aw and JPEG are both file formats. They differ in that JPEG is highly compressed to reduce file size, but this also reduces the quality of the image as well as the amount of data associated with the file which is useful during post-processing.
What this means is that there is a larger degree of flexibility when processing your image while using the RAW format. I took this absolutely terrible shot below and opened that same picture in my RAW editor and was able to fix it. I was amazed at how much the RAW editor was able to fix my terrible images.
Original shot, RAW, underexposed image.
Same shot after using Adobe Raw Editor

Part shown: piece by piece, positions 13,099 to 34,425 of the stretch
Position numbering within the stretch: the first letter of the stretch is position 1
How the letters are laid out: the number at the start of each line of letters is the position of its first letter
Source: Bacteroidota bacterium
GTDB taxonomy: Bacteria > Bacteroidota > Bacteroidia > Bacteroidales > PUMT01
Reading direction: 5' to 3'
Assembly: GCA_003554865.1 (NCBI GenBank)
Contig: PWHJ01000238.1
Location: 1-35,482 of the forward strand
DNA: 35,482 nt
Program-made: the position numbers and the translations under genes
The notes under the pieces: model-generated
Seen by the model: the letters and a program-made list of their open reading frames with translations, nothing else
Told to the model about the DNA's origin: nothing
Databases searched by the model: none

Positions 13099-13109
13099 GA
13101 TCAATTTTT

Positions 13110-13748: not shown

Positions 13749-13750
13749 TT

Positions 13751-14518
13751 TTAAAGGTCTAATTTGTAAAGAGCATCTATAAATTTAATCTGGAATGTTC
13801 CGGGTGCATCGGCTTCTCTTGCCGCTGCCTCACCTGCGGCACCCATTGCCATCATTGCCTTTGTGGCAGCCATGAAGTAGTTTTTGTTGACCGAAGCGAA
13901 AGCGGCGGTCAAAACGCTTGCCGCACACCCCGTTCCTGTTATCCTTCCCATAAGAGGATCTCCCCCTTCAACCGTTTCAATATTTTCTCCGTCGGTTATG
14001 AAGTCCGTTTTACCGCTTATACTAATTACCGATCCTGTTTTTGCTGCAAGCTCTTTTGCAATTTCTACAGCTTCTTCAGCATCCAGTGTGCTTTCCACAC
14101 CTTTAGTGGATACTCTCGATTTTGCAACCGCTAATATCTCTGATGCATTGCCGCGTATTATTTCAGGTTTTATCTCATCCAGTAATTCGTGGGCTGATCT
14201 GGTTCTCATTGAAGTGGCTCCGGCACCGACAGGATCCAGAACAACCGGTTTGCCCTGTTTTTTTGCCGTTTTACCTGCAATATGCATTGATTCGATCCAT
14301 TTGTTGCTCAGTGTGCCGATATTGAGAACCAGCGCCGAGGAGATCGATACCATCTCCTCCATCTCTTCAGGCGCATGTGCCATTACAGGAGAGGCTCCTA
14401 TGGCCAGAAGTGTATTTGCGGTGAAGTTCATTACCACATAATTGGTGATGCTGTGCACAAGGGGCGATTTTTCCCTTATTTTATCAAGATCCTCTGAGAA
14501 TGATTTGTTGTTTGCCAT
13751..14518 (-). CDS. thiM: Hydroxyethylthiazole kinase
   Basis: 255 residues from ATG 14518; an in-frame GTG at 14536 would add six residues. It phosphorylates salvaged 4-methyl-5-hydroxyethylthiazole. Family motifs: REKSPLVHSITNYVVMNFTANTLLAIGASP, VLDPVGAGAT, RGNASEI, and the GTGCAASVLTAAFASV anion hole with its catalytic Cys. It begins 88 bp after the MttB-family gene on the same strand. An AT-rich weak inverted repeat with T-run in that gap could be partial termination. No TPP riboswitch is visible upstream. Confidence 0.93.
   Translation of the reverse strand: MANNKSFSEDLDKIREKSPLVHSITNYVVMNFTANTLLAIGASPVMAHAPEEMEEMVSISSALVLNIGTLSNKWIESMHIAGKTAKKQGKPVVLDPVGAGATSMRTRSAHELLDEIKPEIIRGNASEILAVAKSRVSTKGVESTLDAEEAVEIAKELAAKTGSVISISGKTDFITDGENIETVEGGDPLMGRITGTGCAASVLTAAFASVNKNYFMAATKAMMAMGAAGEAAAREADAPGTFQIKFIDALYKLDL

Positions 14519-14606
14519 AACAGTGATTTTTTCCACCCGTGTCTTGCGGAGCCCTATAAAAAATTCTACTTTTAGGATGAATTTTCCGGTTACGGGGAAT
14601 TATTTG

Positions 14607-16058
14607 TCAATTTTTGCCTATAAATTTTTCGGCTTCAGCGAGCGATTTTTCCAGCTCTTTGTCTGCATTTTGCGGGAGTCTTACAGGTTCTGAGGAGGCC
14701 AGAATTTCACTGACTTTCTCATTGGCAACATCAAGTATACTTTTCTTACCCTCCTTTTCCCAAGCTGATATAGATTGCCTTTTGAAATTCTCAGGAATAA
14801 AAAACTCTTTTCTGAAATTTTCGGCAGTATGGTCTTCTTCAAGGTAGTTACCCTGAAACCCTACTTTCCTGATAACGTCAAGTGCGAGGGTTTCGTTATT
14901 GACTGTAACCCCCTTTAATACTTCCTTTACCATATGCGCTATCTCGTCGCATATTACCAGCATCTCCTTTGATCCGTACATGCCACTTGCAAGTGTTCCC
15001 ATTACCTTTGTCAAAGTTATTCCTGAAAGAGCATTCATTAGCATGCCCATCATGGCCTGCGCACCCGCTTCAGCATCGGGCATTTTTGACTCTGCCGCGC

The main reason I shoot RAW is that I get a second chance to nail my shot.
- Higher Quality Images
- More Detail
- Non Destructive Editing
- Easily Correct under/over exposed images and white balance issues.
- It’s the pro-choice
- Largest File Size
- Needs post-processing
- Can slow the camera down
Since storage has drastically dropped in price over the last few years you cant really say that RAW format is too large. From faster/cheaper SD cards to larger/cheaper external hard drives there really isn’t a space argument anymore. Get yourself enough storage to always shoot in RAW format as it will help you nail the best shots and give you the pro advantage you might have been missing.